User Engagement and Interaction

A common mistake is to "copy" the features and functionality of a large, successful competitor. These might include:

a forumcommentssocial sharing

The Undeniable Truth

In the early days of the web people used to see it as a challenge to be the first to post a comment - even if it was only to say "first post". Times have changed and interactions on the web have reverted to following existing social norms. Very few people will be the first to post. Even if they have a comment or a question they will probably wait to see if someone else posts first.

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Quarterly Highlights from Open Source Matters

Quarterly Highlights from Open Source Matters

Get a brief overview of OSM happenings from the current board president. 

This is a brief summary of the 2023 Q1 report from the President of Open Source Matters (OSM). See all past and present board member reports on the OSM website. (Not sure how OSM relates to Joomla? Find out more here.)

All Together Now

The Joomla Community Magazine has always been a valuable resource for anyone interested in Joomla, with a plethora of content that you can lose yourself in. This quarter I want to recognize Joomler Anja de Crom for how much time and effort she puts into the magazine as the team lead.

It’s well-known that if you share something interesting or notable in Mattermost, it won’t be long until Anja asks if you’d like to submit an article about it �. Her efforts are worth it - every month we see an interesting and diverse collection of articles from across the community.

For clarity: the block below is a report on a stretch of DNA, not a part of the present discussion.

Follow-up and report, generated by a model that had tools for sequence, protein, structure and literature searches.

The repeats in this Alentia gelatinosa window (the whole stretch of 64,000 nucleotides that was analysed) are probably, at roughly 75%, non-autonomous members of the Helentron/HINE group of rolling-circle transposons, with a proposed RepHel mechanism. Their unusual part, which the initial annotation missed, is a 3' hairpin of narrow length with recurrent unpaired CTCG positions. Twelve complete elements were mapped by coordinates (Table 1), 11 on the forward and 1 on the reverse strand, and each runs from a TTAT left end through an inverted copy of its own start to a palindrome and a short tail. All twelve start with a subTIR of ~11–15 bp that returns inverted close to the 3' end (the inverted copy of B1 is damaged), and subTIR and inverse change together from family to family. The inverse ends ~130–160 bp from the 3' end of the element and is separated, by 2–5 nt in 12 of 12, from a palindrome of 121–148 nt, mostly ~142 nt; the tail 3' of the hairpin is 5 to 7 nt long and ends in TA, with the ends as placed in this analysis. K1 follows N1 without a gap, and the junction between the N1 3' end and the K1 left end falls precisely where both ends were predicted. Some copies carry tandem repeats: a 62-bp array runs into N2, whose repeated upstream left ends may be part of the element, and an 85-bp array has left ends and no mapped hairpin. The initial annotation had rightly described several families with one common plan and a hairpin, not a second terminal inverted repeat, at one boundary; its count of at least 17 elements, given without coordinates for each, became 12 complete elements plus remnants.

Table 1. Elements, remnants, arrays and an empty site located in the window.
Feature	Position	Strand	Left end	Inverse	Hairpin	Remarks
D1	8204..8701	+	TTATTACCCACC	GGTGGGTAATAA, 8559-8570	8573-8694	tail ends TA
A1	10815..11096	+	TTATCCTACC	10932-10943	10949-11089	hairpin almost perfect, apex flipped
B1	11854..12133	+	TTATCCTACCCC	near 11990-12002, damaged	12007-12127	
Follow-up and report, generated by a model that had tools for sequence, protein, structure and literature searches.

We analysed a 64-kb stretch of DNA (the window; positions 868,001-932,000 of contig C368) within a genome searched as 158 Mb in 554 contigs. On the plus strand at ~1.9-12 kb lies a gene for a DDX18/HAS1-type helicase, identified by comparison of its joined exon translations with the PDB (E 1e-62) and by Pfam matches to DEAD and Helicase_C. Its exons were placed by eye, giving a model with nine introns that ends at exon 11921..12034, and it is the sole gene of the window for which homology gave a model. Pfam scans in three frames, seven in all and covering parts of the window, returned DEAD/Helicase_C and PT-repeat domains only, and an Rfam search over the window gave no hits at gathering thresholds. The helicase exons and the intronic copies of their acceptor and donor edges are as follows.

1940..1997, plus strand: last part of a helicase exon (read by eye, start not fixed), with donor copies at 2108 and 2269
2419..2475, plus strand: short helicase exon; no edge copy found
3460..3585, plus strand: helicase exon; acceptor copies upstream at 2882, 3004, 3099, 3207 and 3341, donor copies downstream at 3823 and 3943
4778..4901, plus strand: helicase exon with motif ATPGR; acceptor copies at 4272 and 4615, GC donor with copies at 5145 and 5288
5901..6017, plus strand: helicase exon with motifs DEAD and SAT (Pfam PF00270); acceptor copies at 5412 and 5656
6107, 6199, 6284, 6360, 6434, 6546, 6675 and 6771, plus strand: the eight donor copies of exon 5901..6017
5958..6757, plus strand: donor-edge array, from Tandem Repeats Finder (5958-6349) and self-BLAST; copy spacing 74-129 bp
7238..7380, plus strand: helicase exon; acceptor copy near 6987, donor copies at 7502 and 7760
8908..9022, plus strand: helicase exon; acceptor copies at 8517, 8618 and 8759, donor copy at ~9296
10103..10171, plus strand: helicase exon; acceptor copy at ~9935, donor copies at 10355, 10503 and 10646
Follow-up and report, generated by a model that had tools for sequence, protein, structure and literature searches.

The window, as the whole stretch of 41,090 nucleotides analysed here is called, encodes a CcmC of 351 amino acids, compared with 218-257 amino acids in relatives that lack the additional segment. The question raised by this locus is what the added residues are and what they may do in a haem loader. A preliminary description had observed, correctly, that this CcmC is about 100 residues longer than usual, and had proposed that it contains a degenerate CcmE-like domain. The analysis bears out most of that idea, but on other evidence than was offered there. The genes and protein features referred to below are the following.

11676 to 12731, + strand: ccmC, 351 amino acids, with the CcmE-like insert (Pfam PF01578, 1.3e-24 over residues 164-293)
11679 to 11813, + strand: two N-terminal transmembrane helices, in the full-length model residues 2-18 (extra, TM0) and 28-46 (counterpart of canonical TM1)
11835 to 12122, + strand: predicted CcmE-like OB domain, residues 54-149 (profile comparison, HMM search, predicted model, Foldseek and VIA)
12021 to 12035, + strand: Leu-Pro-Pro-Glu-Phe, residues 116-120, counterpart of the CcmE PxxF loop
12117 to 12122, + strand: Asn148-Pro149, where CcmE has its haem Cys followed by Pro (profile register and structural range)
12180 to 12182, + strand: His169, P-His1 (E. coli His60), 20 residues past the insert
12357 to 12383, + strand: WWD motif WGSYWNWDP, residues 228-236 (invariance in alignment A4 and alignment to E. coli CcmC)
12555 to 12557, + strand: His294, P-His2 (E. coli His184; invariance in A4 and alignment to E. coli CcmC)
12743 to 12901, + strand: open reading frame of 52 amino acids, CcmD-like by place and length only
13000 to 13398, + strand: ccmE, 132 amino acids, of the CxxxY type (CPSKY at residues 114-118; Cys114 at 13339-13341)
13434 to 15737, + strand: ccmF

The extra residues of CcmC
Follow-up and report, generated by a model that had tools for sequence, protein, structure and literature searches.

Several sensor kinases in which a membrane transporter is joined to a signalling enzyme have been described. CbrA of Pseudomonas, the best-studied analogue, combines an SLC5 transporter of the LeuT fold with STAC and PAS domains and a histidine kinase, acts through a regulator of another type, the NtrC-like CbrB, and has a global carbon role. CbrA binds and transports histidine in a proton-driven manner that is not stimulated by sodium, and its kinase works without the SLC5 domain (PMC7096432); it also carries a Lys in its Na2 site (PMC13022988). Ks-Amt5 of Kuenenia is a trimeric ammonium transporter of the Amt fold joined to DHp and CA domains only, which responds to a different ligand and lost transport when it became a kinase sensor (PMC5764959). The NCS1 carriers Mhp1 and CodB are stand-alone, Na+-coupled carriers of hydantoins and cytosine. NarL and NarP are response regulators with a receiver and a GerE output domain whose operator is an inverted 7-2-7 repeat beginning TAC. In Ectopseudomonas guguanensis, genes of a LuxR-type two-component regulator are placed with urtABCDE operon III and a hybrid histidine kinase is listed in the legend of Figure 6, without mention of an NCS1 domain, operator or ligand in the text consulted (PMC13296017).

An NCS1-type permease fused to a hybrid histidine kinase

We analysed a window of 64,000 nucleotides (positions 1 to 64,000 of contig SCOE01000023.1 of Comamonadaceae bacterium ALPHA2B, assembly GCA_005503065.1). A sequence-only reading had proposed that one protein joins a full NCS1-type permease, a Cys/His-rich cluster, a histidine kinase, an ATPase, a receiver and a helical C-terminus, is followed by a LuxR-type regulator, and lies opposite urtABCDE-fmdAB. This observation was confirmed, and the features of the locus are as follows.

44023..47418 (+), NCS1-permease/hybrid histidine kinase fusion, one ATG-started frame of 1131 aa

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A builder's guide to Guided Tours

A builder's guide to Guided Tours

In the last magazine article: Guiding you through Guided Tours, we looked at guided tours (available in Joomla 4.3) and walked through their use. We stopped at the point of creating a guided tour as an administrator and as a developer.
Now we will finish that journey so you can build your own!


Now that you have been introduced to guided tours and have seen how they work, you may want to create one yourself.
Whether you are a consultant, a web designer, a web agency or a developer, you could take advantage of tours and offer a unique experience to your client or users.

Creating a tour is easy

First, you need to decide what the tour will be about and where you would like to make the tour available.

Let's say you want to create a tour that guides a new administrator through the Joomla dashboard so that this administrator gets a 'feel' of what he can do in the Joomla console.

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How I grow with Joomla - Olivier Buisard

How I grow with Joomla - Olivier Buisard

There are events, people, that illustrate the international and building side of Joomla.
Olivier Buisard of Simplifyyourweb grew up in France but his career path brought him closer to Open Source Matters' headquarters. Since then, he has lived in New York, but still has ties to his home country.

He tells us how he met Joomla and how Joomla has continued to make him grow.

Could you tell us a little about yourself?

I have a Computer Science Master with a minor in Computer Graphics, but I started by studying Applied Mathematics. The latest was not really my calling... I worked in several companies over the years in aerospace, the health industry and even the energy sector. After receiving my Green Card, I decided to jump into the unknown and work for myself, creating websites, managing them and building extensions. Nowadays, I mainly create and improve Joomla extensions.

When did you make your first Joomla website / extension?

I created my first website a long time ago... It was not the millennium quite yet. Plain old html and CSS. Then I discovered Joomla, as the 1.5 version was getting mainstream.